Best of the City: Adventure

Maybe your idea of adventure is a grueling uphill run—or maybe it’s stargazing from a seated position. Either way, we’ve found something for you.
Amateur astronomer Gary Porter (left) offers a closer view of the universe from Stone Lick State Park, October 17, 2015. We took some creative license with the night sky, of course.
Amateur astronomer Gary Porter (left) offers a closer view of the universe from Stone Lick State Park, October 17, 2015. We took some creative license with the night sky, of course.

Photograph by Jeremy Kramer

Free Yoga
The Yoga Bar at Washington Park
One evening each week from Memorial Day to Labor Day, teachers from The Yoga Bar guide hundreds of yogis through an hour of poses, breathing exercises, and meditation on the civic lawn in Washington Park—free, studio-quality instruction in an unintimidating outdoor setting. They also lead shorter morning classes for kids. They’re informal, so parents need not worry about leaving early or arriving late, and instructor/early-childhood educator Ashley Molloy gives her classes a nature theme or storyline to hold young yogis’ attention. 1230 Elm St., Over-the-Rhine,

Way to Find Your Strong
The Body Project
Many gyms are full of women trying to get skinny; The Body Project is full of women trying to get strong. Owner Brenda Gabbard, a competitive bodybuilder, moves her mostly female clientele through semi-private, individualized workouts using free weights, barbells, floor work, and sprints up Woodburn Avenue. You don’t have to be training for the Kentucky Muscle bodybuilding competition to work with Gabbard, but if you get the itch, she can help with that too. 2540 Woodburn Ave., East Walnut Hills, (859) 814-1411,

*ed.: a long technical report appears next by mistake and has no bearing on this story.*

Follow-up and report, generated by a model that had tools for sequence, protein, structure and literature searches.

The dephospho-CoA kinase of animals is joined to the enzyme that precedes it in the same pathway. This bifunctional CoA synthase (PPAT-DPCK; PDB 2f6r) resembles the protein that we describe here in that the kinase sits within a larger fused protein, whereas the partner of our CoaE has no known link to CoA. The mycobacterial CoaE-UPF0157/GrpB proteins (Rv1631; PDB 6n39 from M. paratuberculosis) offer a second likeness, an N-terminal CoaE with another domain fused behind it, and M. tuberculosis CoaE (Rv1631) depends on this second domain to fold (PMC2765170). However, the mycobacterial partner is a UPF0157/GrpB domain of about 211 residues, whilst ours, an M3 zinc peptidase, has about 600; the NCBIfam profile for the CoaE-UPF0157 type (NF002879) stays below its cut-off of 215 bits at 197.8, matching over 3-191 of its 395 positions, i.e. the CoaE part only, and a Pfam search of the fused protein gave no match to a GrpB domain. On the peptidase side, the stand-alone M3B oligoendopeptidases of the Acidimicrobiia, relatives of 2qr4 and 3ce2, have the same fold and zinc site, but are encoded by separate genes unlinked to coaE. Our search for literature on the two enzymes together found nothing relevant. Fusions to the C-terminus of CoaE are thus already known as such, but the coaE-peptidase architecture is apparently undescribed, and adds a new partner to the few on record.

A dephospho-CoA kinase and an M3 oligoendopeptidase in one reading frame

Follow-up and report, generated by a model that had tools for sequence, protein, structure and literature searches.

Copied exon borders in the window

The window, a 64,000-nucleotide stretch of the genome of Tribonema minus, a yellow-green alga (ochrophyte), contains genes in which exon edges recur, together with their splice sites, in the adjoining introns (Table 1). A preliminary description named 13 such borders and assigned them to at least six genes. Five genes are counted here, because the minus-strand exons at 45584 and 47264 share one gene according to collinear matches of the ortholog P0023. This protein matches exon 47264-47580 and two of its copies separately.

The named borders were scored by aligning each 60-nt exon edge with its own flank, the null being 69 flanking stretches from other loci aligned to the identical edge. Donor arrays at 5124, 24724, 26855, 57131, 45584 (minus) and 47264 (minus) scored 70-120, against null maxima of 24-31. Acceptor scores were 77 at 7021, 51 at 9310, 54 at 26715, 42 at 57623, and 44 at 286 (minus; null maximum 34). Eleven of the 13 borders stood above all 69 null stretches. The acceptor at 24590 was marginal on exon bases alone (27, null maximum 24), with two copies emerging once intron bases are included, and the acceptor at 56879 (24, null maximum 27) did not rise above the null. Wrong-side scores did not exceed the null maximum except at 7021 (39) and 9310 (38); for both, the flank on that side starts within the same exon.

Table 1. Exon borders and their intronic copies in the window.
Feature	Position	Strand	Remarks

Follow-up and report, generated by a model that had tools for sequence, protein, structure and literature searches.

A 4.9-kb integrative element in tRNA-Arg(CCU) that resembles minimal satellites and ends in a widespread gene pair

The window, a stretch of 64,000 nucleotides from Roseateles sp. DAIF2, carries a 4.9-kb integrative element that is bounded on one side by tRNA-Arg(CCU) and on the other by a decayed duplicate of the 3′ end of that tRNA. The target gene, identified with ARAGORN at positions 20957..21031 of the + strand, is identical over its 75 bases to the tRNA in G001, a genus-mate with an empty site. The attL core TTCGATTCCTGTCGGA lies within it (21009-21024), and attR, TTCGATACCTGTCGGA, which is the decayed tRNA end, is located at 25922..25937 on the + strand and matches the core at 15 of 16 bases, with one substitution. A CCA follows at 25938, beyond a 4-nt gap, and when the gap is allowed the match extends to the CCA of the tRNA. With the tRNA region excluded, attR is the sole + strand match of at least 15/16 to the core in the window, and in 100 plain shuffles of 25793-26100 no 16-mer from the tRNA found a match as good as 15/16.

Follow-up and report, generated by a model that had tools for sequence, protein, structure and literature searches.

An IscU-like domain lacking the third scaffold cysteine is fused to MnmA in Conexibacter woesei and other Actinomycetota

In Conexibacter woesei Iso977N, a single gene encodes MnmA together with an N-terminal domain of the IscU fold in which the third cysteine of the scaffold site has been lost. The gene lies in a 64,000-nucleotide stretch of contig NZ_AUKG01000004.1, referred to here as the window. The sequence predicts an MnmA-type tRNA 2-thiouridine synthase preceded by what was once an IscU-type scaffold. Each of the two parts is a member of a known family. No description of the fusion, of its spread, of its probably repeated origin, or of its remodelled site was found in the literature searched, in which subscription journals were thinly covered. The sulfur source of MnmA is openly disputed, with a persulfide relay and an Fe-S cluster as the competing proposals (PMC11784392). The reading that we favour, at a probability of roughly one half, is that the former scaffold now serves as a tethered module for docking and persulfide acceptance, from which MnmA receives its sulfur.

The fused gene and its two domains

Bike Race
Pan American Cyclocross Championships
You can’t beat cyclocross for camaraderie and variety. The CincyCX at Devou Park has it all: dirt, heckling, sweat, brutal climbs, gut-sucking drops—all against the beautiful backdrop of the Cincinnati skyline. It’s part of one of the oldest cyclocross race weekends in the Midwest (the CincyCX Cross Festival), and as a Union Cycliste Internationale race, attracts the best of the best. It also highlights Cincinnati’s strong junior racing community, making it a chance to see young up-and-comers put older riders to the test. 

Winter Parks Activity
Ice Fishing
Turn off the TV, zip up your coveralls, call your father, and have a deep conversation over a hole at an area park, namely Sharon Woods or Lake Isabella. You’ll have to bring your own equipment: fishing license, ice fishing rod, bait, auger to cut a hole in the ice, and chair. Before you suit up, check out the current park conditions at and call (513) 521-7275 to make sure the ice will support your winter body.

Great Parks of Hamilton County ice fishing
Great Parks of Hamilton County ice fishing

Illustration by Danny Hellman

Hiking, Kayaking, and Stargazing

Mt. Airy Forest

Start near the treehouse: Miles of trails loop together, ultimately meeting back along Trail Ridge Road—so go on and get lost. Just watch your feet for old-growth root systems, and your head for disc golfers. Mt. Airy,

Miami Whitewater Forest
Drive past the campground for the Badlands and Oakleaf trailheads, two of our favorites. It feels peacefully secluded quickly—and with some hills and (importantly) well maintained pathways, it’s the place for trail running. Harrison,

Clifton Gorge State Nature Preserve and John Bryan State Park